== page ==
Despite Growing Diversity, GOP Goes “All In” on White Voters
If you’re even casually familiar with American politics, you’ve probably heard of the Southern Strategy. The strategy, pioneered by Richard Nixon in 1968 and perfected by Ronald Reagan in 1980, was simple: Republicans reached out to white voters angry with the Democratic Party over its support of basic equality. By tailoring its message to appeal to disaffected whites, especially Southern whites, the GOP planned to crack a Democratic coalition that had been ascendant since the 1930s.
In a just world, reaching out to racists would have backfired — well, in a truly just world, there wouldn’t have been racism in the first place — but the Southern Strategy was a resounding success. From 1968 to 2004, Republicans won seven of ten presidential elections. Democrats carried the popular vote only once — barely — in 1976, against the man who pardoned Nixon. The only two successful Democratic candidates during that stretch were Jimmy Carter and Bill Clinton, both White Southerners. President Lyndon Johnson is said to have predicted that the Civil Rights Act would cost Democrats the South for a generation; it’s actually been two generations and counting.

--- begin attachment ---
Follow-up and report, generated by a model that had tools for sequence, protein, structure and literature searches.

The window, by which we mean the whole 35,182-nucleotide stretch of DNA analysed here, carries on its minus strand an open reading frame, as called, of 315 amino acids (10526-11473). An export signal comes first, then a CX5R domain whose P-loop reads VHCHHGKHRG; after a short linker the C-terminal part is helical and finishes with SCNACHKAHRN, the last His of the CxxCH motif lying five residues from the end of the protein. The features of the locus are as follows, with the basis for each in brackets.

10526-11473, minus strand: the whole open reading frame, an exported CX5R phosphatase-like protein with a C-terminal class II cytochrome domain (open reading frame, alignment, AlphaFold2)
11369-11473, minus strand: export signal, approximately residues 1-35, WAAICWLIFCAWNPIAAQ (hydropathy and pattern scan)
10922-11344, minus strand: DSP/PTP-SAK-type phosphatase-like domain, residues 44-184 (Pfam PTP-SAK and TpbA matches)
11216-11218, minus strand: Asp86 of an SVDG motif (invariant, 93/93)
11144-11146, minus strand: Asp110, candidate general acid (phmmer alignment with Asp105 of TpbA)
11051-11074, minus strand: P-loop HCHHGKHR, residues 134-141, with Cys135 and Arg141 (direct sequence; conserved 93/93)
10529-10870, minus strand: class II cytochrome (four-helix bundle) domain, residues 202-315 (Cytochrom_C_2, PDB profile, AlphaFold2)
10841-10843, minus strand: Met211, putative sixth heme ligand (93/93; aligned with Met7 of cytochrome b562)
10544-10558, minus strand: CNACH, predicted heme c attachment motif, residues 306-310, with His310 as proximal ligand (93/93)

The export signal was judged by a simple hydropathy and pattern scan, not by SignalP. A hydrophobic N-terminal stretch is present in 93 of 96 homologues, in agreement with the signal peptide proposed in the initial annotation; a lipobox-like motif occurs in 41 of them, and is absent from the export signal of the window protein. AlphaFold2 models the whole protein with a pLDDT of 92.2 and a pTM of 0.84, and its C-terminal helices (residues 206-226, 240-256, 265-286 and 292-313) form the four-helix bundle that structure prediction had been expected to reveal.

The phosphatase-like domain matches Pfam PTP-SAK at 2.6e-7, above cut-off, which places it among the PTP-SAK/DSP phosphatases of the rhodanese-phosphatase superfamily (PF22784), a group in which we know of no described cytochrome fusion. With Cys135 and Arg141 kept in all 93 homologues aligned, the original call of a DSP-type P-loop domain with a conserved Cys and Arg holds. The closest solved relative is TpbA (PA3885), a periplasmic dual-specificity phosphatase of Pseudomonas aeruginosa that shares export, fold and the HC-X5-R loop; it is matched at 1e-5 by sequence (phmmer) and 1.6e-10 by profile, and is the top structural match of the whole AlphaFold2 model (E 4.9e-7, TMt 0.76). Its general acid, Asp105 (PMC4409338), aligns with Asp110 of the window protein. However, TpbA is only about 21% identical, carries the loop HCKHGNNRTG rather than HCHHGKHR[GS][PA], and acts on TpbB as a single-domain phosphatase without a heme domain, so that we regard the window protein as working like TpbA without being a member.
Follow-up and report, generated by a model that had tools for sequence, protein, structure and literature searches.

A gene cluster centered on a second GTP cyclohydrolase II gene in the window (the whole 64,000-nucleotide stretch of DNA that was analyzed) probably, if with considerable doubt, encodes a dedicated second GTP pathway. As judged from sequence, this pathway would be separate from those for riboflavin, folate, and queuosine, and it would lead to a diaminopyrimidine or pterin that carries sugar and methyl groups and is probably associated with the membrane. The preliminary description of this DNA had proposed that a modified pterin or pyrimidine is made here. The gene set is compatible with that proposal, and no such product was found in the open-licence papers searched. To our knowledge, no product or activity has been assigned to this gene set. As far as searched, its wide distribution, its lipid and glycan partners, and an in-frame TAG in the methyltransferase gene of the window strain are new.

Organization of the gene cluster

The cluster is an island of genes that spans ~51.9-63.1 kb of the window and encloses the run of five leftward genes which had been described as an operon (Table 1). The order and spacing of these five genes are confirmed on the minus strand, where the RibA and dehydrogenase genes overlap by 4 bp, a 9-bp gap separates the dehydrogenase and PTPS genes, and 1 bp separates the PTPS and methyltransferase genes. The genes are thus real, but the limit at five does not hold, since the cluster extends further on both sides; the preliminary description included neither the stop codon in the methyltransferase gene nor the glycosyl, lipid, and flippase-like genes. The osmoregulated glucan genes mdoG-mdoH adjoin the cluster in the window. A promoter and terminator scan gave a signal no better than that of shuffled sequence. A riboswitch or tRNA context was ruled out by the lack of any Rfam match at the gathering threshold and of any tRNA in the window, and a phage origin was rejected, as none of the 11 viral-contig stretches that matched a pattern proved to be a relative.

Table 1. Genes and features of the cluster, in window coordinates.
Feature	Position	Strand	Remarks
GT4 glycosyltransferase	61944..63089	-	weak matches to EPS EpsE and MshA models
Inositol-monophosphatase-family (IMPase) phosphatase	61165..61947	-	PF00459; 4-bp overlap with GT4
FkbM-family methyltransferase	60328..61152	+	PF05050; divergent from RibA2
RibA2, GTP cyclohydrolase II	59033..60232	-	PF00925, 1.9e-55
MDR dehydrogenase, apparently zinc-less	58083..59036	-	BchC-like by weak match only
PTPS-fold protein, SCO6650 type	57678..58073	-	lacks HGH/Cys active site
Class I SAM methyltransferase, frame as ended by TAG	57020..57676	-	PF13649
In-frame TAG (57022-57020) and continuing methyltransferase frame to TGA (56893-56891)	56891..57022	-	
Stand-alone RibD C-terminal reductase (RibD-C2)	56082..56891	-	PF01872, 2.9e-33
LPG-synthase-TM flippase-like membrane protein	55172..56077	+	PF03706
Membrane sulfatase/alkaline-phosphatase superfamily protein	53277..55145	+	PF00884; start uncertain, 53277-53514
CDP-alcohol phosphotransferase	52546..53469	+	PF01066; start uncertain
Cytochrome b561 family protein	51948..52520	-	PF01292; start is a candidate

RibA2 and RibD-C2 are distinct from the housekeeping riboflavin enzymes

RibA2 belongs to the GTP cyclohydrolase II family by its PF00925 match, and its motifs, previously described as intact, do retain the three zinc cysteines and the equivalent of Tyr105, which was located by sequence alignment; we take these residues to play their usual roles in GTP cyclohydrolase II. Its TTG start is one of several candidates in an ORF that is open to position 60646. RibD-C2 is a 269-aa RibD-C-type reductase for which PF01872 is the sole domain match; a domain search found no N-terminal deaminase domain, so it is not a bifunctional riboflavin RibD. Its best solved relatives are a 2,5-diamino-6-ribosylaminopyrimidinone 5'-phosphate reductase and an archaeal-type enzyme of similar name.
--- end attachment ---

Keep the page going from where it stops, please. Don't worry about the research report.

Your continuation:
But time has a way of evening things up, and what had been a strength of the Republican Party is quickly becoming a massive liability. The country is becoming more diverse with each passing year, and that diversity is making it impossible to build a coalition on white voters alone. Indeed, though a majority of his voters were white, the coalition that sent Barack Obama to the White House in 2008 and re-elected him in 2012 was anchored by non-white voters.
Mitt Romney’s supporters, meanwhile, were 89 percent white. He took 60 percent of white voters. This was by design: Mitt ran a campaign consciously targeted at white voters. He still lost handily. There simply aren’t enough white voters to deliver a national election on their own.
Republicans acknowledged this after the election. The sober wing of the GOP agreed that they had to start reaching out to People of Color. They suggested embracing some form of immigration reform, allowing them to stop alienating Hispanic voters. Perhaps they could moderate on social issues, and try to broaden their coalition. Who knows, they could maybe even try to reach out to African American voters!
Unfortunately for both Republicans and the nation, the Republican Party base is the base they’ve been cultivating for decades — a base that has been built on the foundation of racism and nativism, with a healthy helping of religious fundamentalism. And while simple math tells us that the GOP must broaden its appeal, the base of the GOP is preventing that from happening.
So with the base pushing the GOP rightwards, the GOP is now starting to push a plan that is simply ridiculous: they’re now actively pushing to try to win even more of the white vote, in hopes that they can keep offsetting the gains of minority voters.